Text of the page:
MOUNT PLEASANT, Utah -- Terrel's Thriftway hit the jackpot with a Five A Day bingo game that pushed its produce sales up by 10%, officials told SN.
The game, designed by Toy Box Creations and endorsed by the Five A Day for Better Health Foundation, Newark, Del., was originally aimed at children, though adults comprised the majority of players, said Randy Stephens, produce manager for the single-unit independent. He added that the promotion was a winner all the way around.
"The toy company supplied all the point-of-purchase materials, a sign for the front window and holders at each checkstand for the game cards. And then there was a big colorful display with stuffed, plush 'fruit hero' toys in it. For example, there was an apple superman," Stephens said.
The stuffed toys, also made by the Temecula, Calif.-based toy company, were the prizes for winning the contest. Just as in traditional bingo, participating consumers matched game pieces with corresponding squares on the game card; the aim was to get people to buy a variety of produce items. If a customer bought one type of produce, he got one game piece sticker at checkout. Two different types got him two stickers and so on.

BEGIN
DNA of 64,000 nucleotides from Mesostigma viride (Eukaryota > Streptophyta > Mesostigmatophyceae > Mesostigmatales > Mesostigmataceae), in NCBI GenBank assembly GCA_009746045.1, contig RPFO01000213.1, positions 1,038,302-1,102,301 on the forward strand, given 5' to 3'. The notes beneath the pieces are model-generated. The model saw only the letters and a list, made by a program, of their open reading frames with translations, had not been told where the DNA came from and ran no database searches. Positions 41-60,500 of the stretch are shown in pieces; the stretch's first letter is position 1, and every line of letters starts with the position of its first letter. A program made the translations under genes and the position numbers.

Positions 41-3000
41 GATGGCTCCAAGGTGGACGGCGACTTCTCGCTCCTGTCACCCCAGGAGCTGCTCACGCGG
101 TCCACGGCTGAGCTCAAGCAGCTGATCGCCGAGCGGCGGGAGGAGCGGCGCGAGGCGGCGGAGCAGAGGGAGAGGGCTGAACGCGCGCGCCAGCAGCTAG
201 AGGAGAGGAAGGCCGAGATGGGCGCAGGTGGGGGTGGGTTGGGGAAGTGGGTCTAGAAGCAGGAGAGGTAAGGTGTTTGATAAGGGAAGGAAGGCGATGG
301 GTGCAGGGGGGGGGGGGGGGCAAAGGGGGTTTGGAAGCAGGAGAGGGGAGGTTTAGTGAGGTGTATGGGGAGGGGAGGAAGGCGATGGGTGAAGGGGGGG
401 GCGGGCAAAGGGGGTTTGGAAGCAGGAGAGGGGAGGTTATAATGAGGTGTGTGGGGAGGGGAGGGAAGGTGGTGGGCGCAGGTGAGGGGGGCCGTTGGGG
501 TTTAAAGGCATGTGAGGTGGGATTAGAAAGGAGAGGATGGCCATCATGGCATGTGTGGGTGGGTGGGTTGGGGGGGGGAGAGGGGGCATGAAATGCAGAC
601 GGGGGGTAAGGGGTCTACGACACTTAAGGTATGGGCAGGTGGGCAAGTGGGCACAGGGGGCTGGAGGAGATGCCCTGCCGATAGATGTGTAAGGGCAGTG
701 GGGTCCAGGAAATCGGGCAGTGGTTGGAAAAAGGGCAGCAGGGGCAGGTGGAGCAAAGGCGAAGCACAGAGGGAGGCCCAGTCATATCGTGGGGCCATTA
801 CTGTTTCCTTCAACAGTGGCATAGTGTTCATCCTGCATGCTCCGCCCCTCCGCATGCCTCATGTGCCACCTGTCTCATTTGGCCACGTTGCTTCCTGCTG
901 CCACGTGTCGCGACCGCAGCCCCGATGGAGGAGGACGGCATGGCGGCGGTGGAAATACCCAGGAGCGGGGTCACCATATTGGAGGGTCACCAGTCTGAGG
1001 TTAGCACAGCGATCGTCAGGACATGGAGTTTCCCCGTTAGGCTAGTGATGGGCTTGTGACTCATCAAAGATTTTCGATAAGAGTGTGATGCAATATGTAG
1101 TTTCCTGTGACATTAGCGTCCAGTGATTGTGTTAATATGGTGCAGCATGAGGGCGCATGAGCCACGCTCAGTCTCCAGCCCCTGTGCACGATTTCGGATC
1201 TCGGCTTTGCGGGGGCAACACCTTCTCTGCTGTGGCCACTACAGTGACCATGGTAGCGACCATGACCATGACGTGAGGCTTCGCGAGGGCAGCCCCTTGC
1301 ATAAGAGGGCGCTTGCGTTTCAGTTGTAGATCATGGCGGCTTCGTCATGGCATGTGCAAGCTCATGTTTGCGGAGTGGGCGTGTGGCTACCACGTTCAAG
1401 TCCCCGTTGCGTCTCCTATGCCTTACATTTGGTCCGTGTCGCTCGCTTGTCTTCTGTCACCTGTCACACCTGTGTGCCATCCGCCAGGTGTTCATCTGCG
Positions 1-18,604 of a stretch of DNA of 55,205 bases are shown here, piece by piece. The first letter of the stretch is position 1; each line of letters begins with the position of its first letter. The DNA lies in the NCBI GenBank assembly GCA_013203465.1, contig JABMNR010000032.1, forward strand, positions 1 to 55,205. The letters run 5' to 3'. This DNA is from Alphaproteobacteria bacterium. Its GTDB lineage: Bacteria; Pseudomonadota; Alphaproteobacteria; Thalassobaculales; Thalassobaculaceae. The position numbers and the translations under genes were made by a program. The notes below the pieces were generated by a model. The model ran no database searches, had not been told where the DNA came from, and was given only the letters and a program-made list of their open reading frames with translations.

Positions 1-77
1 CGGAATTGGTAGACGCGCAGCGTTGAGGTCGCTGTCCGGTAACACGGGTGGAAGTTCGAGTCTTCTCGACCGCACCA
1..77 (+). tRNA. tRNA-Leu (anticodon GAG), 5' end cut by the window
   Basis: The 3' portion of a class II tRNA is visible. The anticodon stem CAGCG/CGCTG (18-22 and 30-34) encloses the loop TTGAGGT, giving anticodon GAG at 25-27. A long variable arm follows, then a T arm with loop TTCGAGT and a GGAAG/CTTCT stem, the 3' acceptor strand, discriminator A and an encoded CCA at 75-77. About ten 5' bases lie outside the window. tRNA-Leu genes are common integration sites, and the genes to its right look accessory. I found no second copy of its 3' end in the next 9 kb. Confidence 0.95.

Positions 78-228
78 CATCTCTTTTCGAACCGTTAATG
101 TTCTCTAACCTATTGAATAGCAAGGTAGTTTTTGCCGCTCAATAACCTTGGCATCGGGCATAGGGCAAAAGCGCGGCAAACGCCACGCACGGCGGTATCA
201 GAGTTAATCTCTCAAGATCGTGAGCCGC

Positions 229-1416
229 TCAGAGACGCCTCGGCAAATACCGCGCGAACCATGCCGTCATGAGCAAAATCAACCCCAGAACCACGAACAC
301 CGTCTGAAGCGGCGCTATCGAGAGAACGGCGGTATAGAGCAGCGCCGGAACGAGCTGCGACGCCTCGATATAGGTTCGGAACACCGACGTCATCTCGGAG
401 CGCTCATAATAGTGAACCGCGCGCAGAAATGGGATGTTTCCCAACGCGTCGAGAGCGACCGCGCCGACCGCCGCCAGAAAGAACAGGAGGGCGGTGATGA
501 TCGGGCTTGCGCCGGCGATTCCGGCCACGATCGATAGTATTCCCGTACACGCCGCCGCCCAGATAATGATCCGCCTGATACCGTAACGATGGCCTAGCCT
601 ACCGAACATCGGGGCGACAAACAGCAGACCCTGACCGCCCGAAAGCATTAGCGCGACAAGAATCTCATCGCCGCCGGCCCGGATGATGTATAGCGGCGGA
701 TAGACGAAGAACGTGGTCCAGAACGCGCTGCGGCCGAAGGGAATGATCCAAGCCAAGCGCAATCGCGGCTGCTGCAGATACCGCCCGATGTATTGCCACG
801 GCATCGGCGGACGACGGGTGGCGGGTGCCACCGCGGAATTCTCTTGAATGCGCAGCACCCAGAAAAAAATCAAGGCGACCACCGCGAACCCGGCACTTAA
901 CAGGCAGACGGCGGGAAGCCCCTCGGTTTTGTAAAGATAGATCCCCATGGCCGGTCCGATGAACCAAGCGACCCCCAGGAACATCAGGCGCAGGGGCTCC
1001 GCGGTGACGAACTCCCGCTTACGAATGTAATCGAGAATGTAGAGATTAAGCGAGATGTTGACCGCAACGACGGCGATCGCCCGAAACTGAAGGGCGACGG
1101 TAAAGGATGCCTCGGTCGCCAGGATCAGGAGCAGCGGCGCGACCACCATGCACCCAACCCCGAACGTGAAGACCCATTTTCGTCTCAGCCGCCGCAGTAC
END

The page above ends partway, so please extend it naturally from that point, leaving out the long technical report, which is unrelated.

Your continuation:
"I had one woman tell me she needed to think of another type of produce to buy because she was playing the game and she wanted to get more game pieces. I suggested jicama, which she had never tried before. I told her how I use it -- I cut it into sticks and serve it with dip or dice it up in a salad. She bought it and liked it. Now she buys it all the time," Stephens said.
In addition to getting customers to try different produce items, the game brought them back into the store more often.
"They'd come in every day and pick up a few pieces of fresh produce, rather than buying enough to try to get through the week. That way they got more game pieces," Stephens explained. The plush toys were the attraction, he said.
"They're very appealing plush toys, especially the strawberry hero. It was the most popular. Next time, I'll triple order that particular one. Everybody wanted it. They could buy the toys for $3.99 apiece, but most played the game to get them."
A blackout -- filling every square on the game card -- got the customer one of each of the toys, an activity book, a tote bag and a $30 gift certificate to be used anywhere in the store. Terrel's had seven blackout winners.
"We have quite a lot of elderly in the population here and a lot of them were doing this for their grandchildren. It was parents and grandparents playing the game to get the kids a toy. I'd do this again in a minute because it really worked well for us," Stephens said.
Terrel's Thriftway obtained the game and related materials from wholesale cooperative Associated Foods, Salt Lake City, of which it is a member. The retailer was the first of the co-op's member stores to use the bingo promotion, the newest component of the wholesaler's ongoing Kids Club, which is available to all its retail members.